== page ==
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Cerrophidion is a genus of venomous pitvipers which are endemic to southern Mexico, Central America, and western Panama.[1] The generic name, Cerrophidion, is derived from the Spanish word cerro, which means "mountain", and the Greek word ophidion, which means "small snake".[2] Four species are currently recognized, but no subspecies.[3]

Cerrophidion godmani
Godman's montane pitviper
Scientific classification edit
Kingdom: Animalia
Phylum: Chordata
Class: Reptilia
Order: Squamata
Suborder: Serpentes
Family: Viperidae
Subfamily: Crotalinae
Genus: Cerrophidion
Campbell & Lamar, 1992[1]
Common names: Montane pitvipers.[2]



These snakes grow to a maximum total length of 82.2 cm (32 14 in) (for C. godmani), but usually do not exceed 50–55 in (1,270–1,397 mm). The head scalation is highly variable, with some scales being enlarged, especially in the frontal region. The fact that the prelacunal is not fused with any of the supralabial scales is characteristic for this genus. The rest of the scalation is as follows: 1-7 intersupraoculars, 7-11 supralabials, 8-12 sublabials, 120-150 ventral scales, 22-36 subcaudal scales (undivided), and 17-21 rows (rarely 23) of dorsal scales at midbody.[2]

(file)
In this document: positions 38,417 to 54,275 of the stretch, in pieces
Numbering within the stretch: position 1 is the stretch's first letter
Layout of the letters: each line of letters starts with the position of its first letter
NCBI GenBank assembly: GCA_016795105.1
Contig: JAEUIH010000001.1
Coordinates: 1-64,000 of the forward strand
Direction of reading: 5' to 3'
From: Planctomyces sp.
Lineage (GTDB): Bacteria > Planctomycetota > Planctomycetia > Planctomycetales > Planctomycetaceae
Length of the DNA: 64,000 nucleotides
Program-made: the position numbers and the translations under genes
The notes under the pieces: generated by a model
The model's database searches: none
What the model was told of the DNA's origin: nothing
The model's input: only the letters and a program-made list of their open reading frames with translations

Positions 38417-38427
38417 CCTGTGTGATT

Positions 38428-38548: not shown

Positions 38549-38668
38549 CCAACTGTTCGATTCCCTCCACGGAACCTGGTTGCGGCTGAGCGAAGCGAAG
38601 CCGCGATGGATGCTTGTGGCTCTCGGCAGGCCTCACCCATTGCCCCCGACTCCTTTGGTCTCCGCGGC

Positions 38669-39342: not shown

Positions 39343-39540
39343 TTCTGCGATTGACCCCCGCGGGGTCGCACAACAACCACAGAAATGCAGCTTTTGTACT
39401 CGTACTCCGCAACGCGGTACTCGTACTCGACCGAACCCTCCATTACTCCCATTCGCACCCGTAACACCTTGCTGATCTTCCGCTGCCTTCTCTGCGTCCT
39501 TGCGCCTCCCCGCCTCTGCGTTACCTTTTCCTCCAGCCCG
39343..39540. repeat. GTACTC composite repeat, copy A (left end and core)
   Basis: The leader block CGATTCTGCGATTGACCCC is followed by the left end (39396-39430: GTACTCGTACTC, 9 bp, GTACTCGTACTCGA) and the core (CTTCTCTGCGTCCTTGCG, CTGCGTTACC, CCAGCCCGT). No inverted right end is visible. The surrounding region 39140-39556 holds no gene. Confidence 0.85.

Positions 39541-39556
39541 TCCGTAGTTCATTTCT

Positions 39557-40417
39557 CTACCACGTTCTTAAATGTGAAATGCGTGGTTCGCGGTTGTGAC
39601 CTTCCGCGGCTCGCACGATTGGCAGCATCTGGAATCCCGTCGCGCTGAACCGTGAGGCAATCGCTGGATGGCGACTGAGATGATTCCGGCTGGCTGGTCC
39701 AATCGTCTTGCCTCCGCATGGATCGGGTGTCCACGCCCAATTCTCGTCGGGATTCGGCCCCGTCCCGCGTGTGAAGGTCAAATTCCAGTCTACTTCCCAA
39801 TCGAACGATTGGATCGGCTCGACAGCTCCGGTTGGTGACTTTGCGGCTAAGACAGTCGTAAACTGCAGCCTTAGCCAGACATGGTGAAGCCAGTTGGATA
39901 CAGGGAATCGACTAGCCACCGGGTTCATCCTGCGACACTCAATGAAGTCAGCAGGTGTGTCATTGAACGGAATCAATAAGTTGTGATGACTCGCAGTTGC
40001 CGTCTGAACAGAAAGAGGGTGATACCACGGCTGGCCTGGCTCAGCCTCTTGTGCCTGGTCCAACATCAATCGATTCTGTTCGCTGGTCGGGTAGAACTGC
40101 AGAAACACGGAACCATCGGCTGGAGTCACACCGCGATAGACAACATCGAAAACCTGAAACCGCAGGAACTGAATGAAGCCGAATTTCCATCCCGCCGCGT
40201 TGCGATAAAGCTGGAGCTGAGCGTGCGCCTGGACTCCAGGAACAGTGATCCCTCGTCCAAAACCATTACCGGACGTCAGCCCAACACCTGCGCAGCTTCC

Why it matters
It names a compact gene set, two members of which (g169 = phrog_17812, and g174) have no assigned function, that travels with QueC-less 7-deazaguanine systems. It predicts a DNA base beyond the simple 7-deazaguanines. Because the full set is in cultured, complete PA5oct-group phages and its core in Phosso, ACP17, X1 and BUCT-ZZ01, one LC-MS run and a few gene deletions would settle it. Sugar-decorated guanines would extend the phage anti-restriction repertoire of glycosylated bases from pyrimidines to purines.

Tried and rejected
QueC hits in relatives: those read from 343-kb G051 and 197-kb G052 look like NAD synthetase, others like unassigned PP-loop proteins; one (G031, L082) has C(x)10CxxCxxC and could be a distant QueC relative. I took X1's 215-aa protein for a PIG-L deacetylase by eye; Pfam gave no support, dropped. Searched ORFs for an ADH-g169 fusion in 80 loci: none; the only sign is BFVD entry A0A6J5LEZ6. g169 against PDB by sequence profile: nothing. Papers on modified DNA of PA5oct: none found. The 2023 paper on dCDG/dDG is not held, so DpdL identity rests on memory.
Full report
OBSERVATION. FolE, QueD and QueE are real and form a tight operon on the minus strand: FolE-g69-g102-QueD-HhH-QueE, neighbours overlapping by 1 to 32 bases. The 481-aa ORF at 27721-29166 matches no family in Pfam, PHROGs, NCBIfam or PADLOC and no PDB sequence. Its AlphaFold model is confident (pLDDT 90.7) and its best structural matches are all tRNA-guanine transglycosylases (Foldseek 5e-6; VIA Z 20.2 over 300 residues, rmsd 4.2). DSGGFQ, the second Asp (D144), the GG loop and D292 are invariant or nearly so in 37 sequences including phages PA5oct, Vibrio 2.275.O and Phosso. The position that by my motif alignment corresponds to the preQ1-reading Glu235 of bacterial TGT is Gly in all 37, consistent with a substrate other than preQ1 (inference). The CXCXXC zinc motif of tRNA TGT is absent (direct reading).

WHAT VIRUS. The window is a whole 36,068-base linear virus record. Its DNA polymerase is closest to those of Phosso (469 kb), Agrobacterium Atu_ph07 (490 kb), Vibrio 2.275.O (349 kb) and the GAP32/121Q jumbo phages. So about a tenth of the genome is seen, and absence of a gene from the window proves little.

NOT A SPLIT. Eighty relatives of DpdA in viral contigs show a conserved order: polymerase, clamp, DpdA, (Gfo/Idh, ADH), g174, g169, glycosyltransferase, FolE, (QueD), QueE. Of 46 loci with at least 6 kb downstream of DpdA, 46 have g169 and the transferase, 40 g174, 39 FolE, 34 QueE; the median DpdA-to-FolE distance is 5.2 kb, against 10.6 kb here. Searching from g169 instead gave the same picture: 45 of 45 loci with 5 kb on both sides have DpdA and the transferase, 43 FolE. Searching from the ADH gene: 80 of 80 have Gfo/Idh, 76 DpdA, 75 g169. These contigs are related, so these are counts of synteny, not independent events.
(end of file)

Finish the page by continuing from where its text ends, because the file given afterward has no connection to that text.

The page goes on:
Geographic rangeEdit

Snakes of this genus are found in southern Mexico (in the highlands of the Mexican states of Guerrero and southeastern Oaxaca), southward though the highlands of Central America (Guatemala, El Salvador, Honduras, northern Nicaragua and Costa Rica) to western Panama.[1]


Image Species[3] Taxon author[3] Common name[2] Geographic range[1]
C. barbouri (Dunn, 1919) Barbour's montane pitviper Highlands of the Sierra Madre del Sur in the state of Guerrero, Mexico.
  C. godmaniT (Günther, 1863) Godman's montane pitviper Southeastern Oaxaca and Chiapas, Mexico, through Central America to western Panama at moderate to high elevations.
C. tzotzilorum (Campbell, 1985) Tzotzil montane pitviper Meseta Central of Chiapas, Mexico.

T) Type species.[1]


One additional new species has been described: C. petlalcalensis López-Luna, Vogt & Torre-Loranca, 1999.[2]

See alsoEdit


  1. ^ a b c d e McDiarmid RW, Campbell JA, Touré T. 1999. Snake Species of the World: A Taxonomic and Geographic Reference, vol. 1. Herpetologists' League. 511 pp. ISBN 1-893777-00-6 (series). ISBN 1-893777-01-4 (volume).
  2. ^ a b c d e Campbell JA, Lamar WW. 2004. The Venomous Reptiles of the Western Hemisphere. Comstock Publishing Associates, Ithaca and London. 870 pp. 1500 plates. ISBN 0-8014-4141-2.
  3. ^ a b c "Cerrophidion". Integrated Taxonomic Information System. Retrieved 3 November 2006.

Further readingEdit

  • Campbell, J.A., and W.W. Lamar. 1992. Taxonomic status of miscellaneous Neotropical viperids, with the description of a new genus. Occ. Papers Mus. Texas Tech Univ. 153: 1-31.

External linksEdit